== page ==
Bonivento, Carolina (2012)
Ph.D. thesis, University of Birmingham.
Humans appear to show an innate tendency to imitate, and this may provide one of the foundations of social communication. Several studies have been carried out in social and cognitive science in order to understand how imitation works, which parts of the brain are involved, and what the role of imitation might be in social behaviour. Previous brain imaging and neuropsychological studies
report data that favour a dual process account of imitation, according to which actions are imitated
through different mechanisms on the basis of whether they are meaningful and familiar (MF actions) or meaningless/unfamiliar (ML actions). However many questions remain to be clarified – such as which brain areas mediate these different actions. In addition to the distinction between MF and ML gestures, there is considerable interest in the production of different types of known gestures – particularly between actions involving tools (i.e. transitive actions) and those subserving communicative (intransitive) gestures, and in how the production of these gestures relates to the processes involved in recognizing the gestures as input. This thesis reports a neuropsychological examination of the functional and neural bases of imitation using converging data from behavioural
studies with different patient groups (stroke patients, patients with Parkinson’s Disease, PD) and structural brain imaging (particularly using voxel-based morphometric [VBM] analyses) to examine lesion-symptom relations.
The first empirical chapter (Chapter 2) describes a neuropsychological study on the recognition and production of MF actions and the imitation of ML gestures, in patients with unilateral left or rightside brain damage (respectively: LBD and RBD patients). At a group level, LBD patient were worse in imitation than RBD patients only when novel transitive actions had to be reproduced, when both LBD and RBD differed from healthy participants, while intransitive gestures were generally easier to be executed. Also both transitive and intransitive action imitation tasks were correlated to action recognition. At a single subject level, however, there was evidence for some dissociated symptoms, suggesting that at least partially different mechanisms mediate the imitation of transitive and intransitive gestures and gesture production as opposed to recognition.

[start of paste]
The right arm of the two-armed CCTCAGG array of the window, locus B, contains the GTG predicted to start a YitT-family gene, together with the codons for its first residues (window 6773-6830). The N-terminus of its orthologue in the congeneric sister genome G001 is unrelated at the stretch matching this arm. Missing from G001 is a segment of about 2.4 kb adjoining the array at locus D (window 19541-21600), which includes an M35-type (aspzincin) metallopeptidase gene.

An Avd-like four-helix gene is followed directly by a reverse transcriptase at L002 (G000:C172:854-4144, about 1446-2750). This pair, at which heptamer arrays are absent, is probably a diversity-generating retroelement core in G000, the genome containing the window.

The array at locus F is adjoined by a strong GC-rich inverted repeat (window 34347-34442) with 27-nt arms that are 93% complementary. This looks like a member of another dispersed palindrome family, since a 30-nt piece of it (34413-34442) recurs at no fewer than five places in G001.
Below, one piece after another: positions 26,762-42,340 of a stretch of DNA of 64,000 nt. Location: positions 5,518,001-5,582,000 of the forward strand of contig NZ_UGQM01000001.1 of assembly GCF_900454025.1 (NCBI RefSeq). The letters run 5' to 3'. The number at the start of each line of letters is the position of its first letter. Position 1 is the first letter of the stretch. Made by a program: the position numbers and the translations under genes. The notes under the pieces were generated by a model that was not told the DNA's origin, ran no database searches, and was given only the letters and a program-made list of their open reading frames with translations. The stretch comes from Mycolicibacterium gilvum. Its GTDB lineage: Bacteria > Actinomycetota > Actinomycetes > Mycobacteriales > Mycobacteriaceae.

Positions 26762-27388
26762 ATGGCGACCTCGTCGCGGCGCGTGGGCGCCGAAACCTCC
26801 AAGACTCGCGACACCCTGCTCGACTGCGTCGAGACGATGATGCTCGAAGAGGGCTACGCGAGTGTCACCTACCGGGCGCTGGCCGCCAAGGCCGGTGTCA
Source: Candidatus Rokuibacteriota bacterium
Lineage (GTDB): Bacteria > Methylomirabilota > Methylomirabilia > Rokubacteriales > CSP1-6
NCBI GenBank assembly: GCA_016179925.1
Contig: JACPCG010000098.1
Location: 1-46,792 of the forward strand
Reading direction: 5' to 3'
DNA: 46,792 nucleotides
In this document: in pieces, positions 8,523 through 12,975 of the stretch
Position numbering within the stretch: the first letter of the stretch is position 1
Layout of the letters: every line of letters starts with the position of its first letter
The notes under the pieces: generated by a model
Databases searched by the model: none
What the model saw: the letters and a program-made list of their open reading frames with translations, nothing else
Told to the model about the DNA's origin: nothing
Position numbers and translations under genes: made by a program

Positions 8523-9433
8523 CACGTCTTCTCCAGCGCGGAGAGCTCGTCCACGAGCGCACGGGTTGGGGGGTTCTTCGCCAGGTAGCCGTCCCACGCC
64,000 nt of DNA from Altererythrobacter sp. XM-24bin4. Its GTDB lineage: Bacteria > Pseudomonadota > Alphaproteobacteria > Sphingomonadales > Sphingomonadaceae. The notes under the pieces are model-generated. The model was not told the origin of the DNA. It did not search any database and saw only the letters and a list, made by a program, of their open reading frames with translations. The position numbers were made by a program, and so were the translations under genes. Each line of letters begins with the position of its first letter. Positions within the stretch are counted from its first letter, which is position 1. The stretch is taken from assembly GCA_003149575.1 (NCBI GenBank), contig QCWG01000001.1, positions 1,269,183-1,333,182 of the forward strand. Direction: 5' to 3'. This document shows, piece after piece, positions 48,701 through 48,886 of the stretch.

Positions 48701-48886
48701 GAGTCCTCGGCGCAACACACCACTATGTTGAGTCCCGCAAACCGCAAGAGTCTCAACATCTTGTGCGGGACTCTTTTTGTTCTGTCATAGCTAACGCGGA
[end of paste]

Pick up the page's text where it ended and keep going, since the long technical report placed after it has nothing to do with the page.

Chapter 3 presents a first attempt to use VBM to evaluate the relations between brain lesions and the symptoms of apraxia, contrasting the imitation of meaningful (familiar) and meaningless (unfamiliar) transitive and intransitive actions in a consecutive series of brain damaged patients.
Chapters 4 and 5 describe two investigations where VBM was again used in a large-scale lesionsymptom analysis of deficits in i) the recognition and generation to command of MF actions and the imitation of ML actions, and ii) the generation to command of different types of learned action
(transitive or intransitive gestures). All three investigations using VBM revealed common and differential neural substrates involved in the execution of the tasks considered, and the data are compatible with a model which posits that different processes are involved in MF and ML action execution, as well as in action understanding. The results also suggest that the distinction between transitive and intransitive actions may be included in an action reproduction system. In the final empirical chapter (Chapter 6), I report a study on PD patients tested for imitation of transitive and intransitive MF and ML actions, also relating their performance to the neurological/peripheral symptoms of the disease. This study revealed that PD patients were impaired in imitation, and they also had different pattern of deficit for transitive and intransitive actions. The correlation with peripheral symptoms was not significant, though there were correlations with underlying cognitive processes likely to support action production. Chapter 7 summarizes the different results and links them back to functional and neural accounts of action recognition, production and imitation. The relations between action production and recognition and other cognitive processes are discussed, as
are methodological issues concerning lesion-symptom mapping.
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